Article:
Well Meaning Statements Devastate Mourners

Mourners need two things: (1) to be able to express themselves and share their grief experience without being judged and (2) to know that they have been heard and understood.  Remember that the best way that you can help mourners is to be present, listen, support and encourage them.  Simply being there for grievers can help them move toward healing.

Here’s some of the actions and sayings you should avoid doing for people in grief

  • Don't judge the person or his or her circumstance.  Avoid telling the mourner why the death or situations leading up to the death took place.  Steer clear of telling the mourner that “Everything will be all right” or that “Everything happens for a reason.”  There could be some truth in those statements, but still they are not comforting to mourners in pain.
  • Don't  try to find theological reasons for the death.   (I put this rule in for well-meaning ministers, chaplains and church members.)  Don’t try to make the situation better by explaining it in spiritual or theological terms.  Avoid saying, “It was God’s will.”
  • Don't belittle or discount their feelings.  Stay away from statements like “You shouldn’t feel that way.”  Let the mourners feel what they feel at the moment.  A more appropriate response might be to affirm the person’s feelings by saying “I could see how you might feel that way.”
  • Don't say "I know how you feel."  This statement is one quick way to get a rise out of an angry mourner or to shut down him or her from any further expression of grief emotions.
  • Don't say "I am praying for you" when you aren't.  Often this declaration is made at the end of a conversation with the mourner as a way for the comforter to exit to other activities.
  • Stay away from "at least" statements.  Some of the most discomforting statements made to mourners start with the words “At least.”  Steer clear of such statements as: At least you have other children....or you can still have other children. At least you had (however many) good years of marriage together.... At least they didn't suffer.... At least you know they are in a better place…. At least you're young. You can always remarry....
  • Think before you speak.  After twelve years of working with grieving people, I have collected some of the most common statements made by would-be comforters that can deeply upset the mourner.  Please avoid these hurtful clichés.Waxing theological: It’s God will…. God needed him (her) more than we did… God never gives you more than you can handle… He (She) is in a better place…. She (He) is an angel now looking over you…. Remember, God is in control….Waxing philosophical: Everything happens for a reason… People die every day.  It’s just part of life…. It was his (her) time… It’s all for the best…. It will get better…or…It will be all right…Unwelcome advice: You just need to move on…. It won’t help to dwell on the past (or the death)… You need to get busy and just forget…. Aren’t you going to go back to work?  Get your mind off the loss… I could introduce you to someone nice.  I don’t want you to be alone… Are you able to have another baby?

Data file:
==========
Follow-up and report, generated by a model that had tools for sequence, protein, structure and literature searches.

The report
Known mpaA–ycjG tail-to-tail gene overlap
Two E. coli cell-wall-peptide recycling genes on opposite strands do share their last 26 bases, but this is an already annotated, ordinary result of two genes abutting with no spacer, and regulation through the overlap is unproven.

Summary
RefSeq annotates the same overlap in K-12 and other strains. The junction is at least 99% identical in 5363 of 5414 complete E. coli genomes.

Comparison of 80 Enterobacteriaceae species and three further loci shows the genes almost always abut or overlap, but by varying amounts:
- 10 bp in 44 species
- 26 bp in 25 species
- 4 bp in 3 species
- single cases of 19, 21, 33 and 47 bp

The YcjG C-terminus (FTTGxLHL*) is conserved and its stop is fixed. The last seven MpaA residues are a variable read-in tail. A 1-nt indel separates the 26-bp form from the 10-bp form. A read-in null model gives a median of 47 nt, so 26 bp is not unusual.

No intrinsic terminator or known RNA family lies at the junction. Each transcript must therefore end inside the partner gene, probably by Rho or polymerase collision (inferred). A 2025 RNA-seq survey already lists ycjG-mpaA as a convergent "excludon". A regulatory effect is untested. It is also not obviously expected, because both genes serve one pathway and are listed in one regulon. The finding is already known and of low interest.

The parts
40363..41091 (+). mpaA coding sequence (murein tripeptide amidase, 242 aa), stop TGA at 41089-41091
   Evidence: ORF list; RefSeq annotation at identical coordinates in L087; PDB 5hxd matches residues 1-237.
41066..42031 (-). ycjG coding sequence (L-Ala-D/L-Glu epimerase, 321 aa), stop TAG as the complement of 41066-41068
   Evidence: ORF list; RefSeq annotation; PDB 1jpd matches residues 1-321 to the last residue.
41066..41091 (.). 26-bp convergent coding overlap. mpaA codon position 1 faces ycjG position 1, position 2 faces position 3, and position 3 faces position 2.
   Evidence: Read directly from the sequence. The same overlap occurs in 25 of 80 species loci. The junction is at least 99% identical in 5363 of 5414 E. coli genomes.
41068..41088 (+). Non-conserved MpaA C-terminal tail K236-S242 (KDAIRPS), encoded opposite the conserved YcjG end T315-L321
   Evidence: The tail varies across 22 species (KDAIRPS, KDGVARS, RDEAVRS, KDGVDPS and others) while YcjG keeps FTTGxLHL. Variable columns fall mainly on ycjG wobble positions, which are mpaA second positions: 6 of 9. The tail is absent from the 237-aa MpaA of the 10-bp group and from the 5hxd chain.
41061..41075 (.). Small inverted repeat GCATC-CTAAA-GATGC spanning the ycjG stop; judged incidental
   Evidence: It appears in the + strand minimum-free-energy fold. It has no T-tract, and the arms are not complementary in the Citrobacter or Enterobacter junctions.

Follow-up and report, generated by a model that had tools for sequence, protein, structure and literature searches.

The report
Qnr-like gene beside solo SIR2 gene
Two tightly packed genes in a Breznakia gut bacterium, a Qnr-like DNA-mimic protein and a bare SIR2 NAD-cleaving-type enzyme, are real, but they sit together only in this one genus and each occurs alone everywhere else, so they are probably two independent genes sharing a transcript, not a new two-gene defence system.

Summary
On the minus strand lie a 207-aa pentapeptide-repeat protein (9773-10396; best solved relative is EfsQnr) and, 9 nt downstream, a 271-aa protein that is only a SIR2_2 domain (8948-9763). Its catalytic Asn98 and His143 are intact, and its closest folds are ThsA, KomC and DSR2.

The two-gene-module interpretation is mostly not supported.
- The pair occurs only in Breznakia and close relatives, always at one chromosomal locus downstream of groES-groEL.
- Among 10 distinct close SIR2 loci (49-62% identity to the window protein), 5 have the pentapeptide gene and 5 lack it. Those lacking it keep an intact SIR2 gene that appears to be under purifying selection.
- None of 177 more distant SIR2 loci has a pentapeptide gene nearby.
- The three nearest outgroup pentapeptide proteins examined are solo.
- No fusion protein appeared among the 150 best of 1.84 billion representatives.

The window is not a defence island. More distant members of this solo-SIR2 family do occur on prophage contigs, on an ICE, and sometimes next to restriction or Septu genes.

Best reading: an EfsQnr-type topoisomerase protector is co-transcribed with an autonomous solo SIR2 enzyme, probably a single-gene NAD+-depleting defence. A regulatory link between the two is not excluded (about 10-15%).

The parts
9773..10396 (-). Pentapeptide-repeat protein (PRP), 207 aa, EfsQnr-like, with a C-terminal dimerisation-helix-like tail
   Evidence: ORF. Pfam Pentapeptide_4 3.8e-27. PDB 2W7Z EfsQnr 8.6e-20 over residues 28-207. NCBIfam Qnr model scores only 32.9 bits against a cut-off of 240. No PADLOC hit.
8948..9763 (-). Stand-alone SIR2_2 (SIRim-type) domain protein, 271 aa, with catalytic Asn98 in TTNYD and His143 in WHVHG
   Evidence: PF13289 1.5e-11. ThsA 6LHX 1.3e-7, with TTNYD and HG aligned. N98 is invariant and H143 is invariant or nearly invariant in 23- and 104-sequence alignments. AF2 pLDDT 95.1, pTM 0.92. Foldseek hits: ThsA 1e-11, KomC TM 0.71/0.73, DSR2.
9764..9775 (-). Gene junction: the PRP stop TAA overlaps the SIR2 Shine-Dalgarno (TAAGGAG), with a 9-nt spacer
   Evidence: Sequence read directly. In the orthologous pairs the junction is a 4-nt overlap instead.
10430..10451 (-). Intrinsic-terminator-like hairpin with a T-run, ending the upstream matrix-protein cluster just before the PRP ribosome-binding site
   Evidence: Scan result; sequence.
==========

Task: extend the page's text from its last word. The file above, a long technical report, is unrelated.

Quit throwing your pity party!  It’s been three months…. You need to get rid of all of his (her) stuff…(And when you do, can I have the….?)

When with a mourner, be there for them, listen and say only statements that let them know you have heard them, that you understand them, and you love them.

Written by Larry M. Barber, LPC-S, CT author of the grief survival guide “Love Never Dies: Embracing Grief with Hope and Promise”  available online at Amazon, Barnes & Noble or Christianbook.com.

The grief survival guide is also available in Spanish as “El Amor Nunca Muere: Aceptando el Dolor con Esperanza y Promesa” on Amazon.com.

Larry is the director of GriefWorks, a free grief support program for children and their families in Dallas TX  http://grief-works.org.